will be on stage performing in front of an audience 

Oh I thought you were going to a reading 

maybe something to do with Burns 

I didn’t think you would be one of the turns 

so they ask  do you think  that poetry is for the likes of us 

of course I reply still smiling at the question 

well it showed a neighbourly interest in somebody from their community 

and that features strongly in my work 

I say I’ll let them know how the night went 

as I make a run for an oncoming bus 

it’s goes well that night it usually does

there was a good crowd the place was buzzing

as for my poems well what can I say 

I read them well my set went okay

but on the journey home I contemplate 

the events of an enjoyable evening 

and do you know my greatest achievement

It wasn’t the compliments I got from some well respected peers 

on my latest poems I had just debued 

it was that chat on my way to the bus stop

where I changed the way someone viewed my art 

I’m a girl from the schemes

who speaks from the heart

and see if by doing that I can open just one mind to poetry

as my neighbour would say that’s nice

that really is nice 

© Gayle Smith 2017 

A Warrior Wordsmith Who Speaks For The People ( A Review Of Door To Door Poet By Rowan McCabe)

Imagine the scenario. You get a knock on the door, you answer the door, and you see someone standing there with a clipboard and pen. Your imediate reaction is to ask the person concerned what they are selling and inform them as politely as possible that whatever it is you are not interested.  What happens however when far from being the predictable insurance , or double glazing salesperson you are met with reply I’m a poet would you like to tell me about yourself and what concerns you and I’ll write you your very own poem. 

My imediate reaction and i speak as a poet would be aye right so you are. So if i would be sceptical imagine the reaction Newcastle poet Rowan McCabe (pictured below) faced as he took his door to door poetry challenge round some of the roughest places  in the North East of England. 

During his year long mission Stockton born Rowan encountered a number of interesting characters and a significant number of  issues in his attempts to bring poetry to the people. Undetered our warrior wordsmith soldiered on in his quest to make poetry matter by making it relevant to the kind of audience who were put off by the poetry they were taught at school. 

As he begins the story of his poetic journey through the wildest parts of the north east, including the street once dubbed the roughest street in Stockton after being featured on the TV documentary show Benefit Street,  Rowan shares his poem on being a door to door poet and how he got the idea to do it which he says was due to boredom and wanting to do something different with his talent. As he takes us on his journey, he  tells us the story of Kyle a young man he met in a Newcastle housing scheme who would be the type of lad that polite society would cross the road to avoid. On meeting him Rowan explained his mission to be greeted by the expression what do i want with poetry ? Undaunted our door to door poet told Kyle that this poem would be his poem and be about the issues that mattered to him and he would receive a copy of his own customised poem . Gradually the man warmed  to the idea and challenged Rowan to write a poem about his girlfriend and how much he loved her .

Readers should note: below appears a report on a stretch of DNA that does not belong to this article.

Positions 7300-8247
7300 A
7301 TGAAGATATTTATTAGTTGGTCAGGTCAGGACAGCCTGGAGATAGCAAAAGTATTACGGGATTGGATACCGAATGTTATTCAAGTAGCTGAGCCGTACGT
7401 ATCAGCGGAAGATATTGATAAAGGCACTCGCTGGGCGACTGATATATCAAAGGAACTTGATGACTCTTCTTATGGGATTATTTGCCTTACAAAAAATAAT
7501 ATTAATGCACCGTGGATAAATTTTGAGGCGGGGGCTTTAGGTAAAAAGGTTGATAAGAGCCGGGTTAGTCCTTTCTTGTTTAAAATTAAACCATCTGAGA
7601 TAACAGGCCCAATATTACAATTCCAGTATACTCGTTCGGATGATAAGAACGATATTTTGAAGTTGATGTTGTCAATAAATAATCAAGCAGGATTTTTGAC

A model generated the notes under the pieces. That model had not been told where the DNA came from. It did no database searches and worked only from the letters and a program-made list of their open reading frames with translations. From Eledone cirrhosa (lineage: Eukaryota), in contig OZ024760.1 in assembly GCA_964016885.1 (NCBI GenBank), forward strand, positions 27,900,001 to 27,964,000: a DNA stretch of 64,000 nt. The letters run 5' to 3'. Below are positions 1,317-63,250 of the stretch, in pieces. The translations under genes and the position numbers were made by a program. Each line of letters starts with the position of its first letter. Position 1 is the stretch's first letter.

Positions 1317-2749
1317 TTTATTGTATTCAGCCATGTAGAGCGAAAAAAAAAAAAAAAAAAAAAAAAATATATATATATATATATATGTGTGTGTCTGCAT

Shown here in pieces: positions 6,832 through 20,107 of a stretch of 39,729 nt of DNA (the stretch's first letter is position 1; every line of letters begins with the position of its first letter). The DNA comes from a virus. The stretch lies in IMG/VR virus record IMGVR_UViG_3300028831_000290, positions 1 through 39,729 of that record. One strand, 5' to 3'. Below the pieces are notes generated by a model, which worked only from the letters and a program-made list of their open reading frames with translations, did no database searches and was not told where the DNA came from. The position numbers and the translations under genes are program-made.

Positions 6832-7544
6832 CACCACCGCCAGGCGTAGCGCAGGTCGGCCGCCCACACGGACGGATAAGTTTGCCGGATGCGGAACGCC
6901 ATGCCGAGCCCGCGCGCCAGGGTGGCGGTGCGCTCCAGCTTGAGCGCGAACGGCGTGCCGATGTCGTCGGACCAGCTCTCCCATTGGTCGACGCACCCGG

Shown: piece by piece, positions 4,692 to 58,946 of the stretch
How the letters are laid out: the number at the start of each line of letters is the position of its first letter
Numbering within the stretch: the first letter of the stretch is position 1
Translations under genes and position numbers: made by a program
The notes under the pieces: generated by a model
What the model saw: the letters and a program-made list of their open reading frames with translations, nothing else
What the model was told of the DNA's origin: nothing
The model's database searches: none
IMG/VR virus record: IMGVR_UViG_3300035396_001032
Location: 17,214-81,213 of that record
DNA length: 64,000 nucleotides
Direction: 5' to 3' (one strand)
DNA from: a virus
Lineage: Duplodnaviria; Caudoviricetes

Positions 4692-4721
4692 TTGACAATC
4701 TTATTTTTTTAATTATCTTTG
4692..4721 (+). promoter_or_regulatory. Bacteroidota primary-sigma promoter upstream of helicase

After finding out the information he needed Rowan wrote the poem First Date about Kyle’s first date in which he took his girlfriend to Greggs and they bonded over a steak bake. This claim was later disputed by his girlfriend who said that as she recalled it their first date was at the cinema . 

As our intrepid wordsmith continued on his journey he met a man who was concerned about immigration and had confessed to voting for Brexit , and a woman who had a passion for horses with a particular fondness for the three times grand national winner Red Rum.

During the course of his travels Rowan learned not only of the value of having good communication skills but also about being aware of the impact of The Data Protection Act when it comes to sharing online information and how even unwittingly a lack of knowledge on this topic can land you in some very tricky situations. 

Talking of tricky situtions our poet who dared to venture in to what the chsttering classes  would uncharted cultural waters learned a bitter lesson when it comes to  organisational cultute and the way it can make promises and then proceed to break them at the shortest possible notice. This through no fault of yours lead to cancel arrangements you made with others which were based on those promises and this can and did lead to a loss of trust all because someone else let him down on more than one occasion and this for Rowan meant losing relationships with potential participants he had worked really hard to build.